When the sky over Yellowknife, Canada, lit up one cold March night with a spectacular Northern Lights display

Northern-Lights-Gif

Korean photographer Kwon O Chul

There are two types of auroras – Aurora Borealis, or ‘Northern Lights,’ and Aurora Australis, known as ‘Southern Lights.’

Auroras occur when highly charged electrons from the solar wind collide with atoms of oxygen and nitrogen in the earth’s atmosphere at altitudes from 20 to 200 miles above the planet’s surface. The interactions between the charged particles give off light.

Auroral displays appear in many colors: red, yellow, green, blue, and violet.

The color of the aurora depends on which atom is struck, and the altitude of the meeting. The common green hue is caused by colliding oxygen molecules at altitudes of up to 150 miles.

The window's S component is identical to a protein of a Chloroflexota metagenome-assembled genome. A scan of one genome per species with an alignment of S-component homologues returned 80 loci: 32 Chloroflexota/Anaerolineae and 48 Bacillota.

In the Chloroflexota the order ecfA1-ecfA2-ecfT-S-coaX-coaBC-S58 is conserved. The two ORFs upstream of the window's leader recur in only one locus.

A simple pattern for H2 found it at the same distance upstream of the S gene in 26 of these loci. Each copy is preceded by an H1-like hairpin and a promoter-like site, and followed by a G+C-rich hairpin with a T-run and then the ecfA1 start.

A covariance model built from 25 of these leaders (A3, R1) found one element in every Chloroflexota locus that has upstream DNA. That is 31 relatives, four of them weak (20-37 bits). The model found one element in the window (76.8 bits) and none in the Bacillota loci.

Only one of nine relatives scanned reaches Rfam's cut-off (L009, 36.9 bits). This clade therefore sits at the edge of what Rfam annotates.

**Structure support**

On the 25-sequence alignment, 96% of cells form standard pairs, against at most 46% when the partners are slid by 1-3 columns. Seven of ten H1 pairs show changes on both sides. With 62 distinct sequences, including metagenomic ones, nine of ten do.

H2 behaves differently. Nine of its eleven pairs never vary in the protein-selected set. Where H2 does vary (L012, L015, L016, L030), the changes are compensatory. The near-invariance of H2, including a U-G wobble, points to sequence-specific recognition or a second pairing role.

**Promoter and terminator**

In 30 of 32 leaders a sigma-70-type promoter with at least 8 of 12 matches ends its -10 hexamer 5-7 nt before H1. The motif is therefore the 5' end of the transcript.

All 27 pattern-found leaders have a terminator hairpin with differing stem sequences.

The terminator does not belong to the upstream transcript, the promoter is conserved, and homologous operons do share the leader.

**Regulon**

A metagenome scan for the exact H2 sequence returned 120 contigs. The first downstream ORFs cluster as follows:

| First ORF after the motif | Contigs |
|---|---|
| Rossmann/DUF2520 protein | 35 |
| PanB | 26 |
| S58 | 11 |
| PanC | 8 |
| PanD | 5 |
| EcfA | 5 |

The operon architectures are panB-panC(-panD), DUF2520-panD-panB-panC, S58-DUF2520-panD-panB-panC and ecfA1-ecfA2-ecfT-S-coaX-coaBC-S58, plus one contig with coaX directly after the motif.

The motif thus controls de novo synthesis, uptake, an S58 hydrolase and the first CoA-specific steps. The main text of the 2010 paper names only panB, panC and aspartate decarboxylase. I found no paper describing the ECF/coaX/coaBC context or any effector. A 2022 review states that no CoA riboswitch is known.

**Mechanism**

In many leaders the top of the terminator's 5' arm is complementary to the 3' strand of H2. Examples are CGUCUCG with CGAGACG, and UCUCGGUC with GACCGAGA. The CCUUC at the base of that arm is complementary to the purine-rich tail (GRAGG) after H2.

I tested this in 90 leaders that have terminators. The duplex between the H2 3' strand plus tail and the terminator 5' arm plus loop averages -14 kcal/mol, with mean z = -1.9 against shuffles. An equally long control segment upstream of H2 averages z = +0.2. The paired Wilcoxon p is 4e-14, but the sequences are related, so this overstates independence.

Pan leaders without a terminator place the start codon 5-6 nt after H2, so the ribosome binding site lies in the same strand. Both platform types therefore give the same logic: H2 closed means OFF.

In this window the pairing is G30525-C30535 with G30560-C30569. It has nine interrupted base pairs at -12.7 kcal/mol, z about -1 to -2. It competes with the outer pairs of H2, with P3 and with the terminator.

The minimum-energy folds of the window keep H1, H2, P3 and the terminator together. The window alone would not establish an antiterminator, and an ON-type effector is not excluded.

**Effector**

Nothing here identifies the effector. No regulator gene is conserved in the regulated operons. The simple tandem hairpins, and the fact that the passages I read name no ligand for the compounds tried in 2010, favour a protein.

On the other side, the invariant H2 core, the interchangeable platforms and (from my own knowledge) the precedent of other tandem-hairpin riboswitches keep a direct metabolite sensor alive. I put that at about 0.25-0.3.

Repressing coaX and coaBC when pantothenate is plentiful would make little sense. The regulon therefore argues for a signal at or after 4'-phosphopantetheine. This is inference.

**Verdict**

One Response to “When the sky over Yellowknife, Canada, lit up one cold March night with a spectacular Northern Lights display”

  1. […] When the sky over Yellowknife, Canada, lit up one cold March night with a spectacular Northern Light… […]

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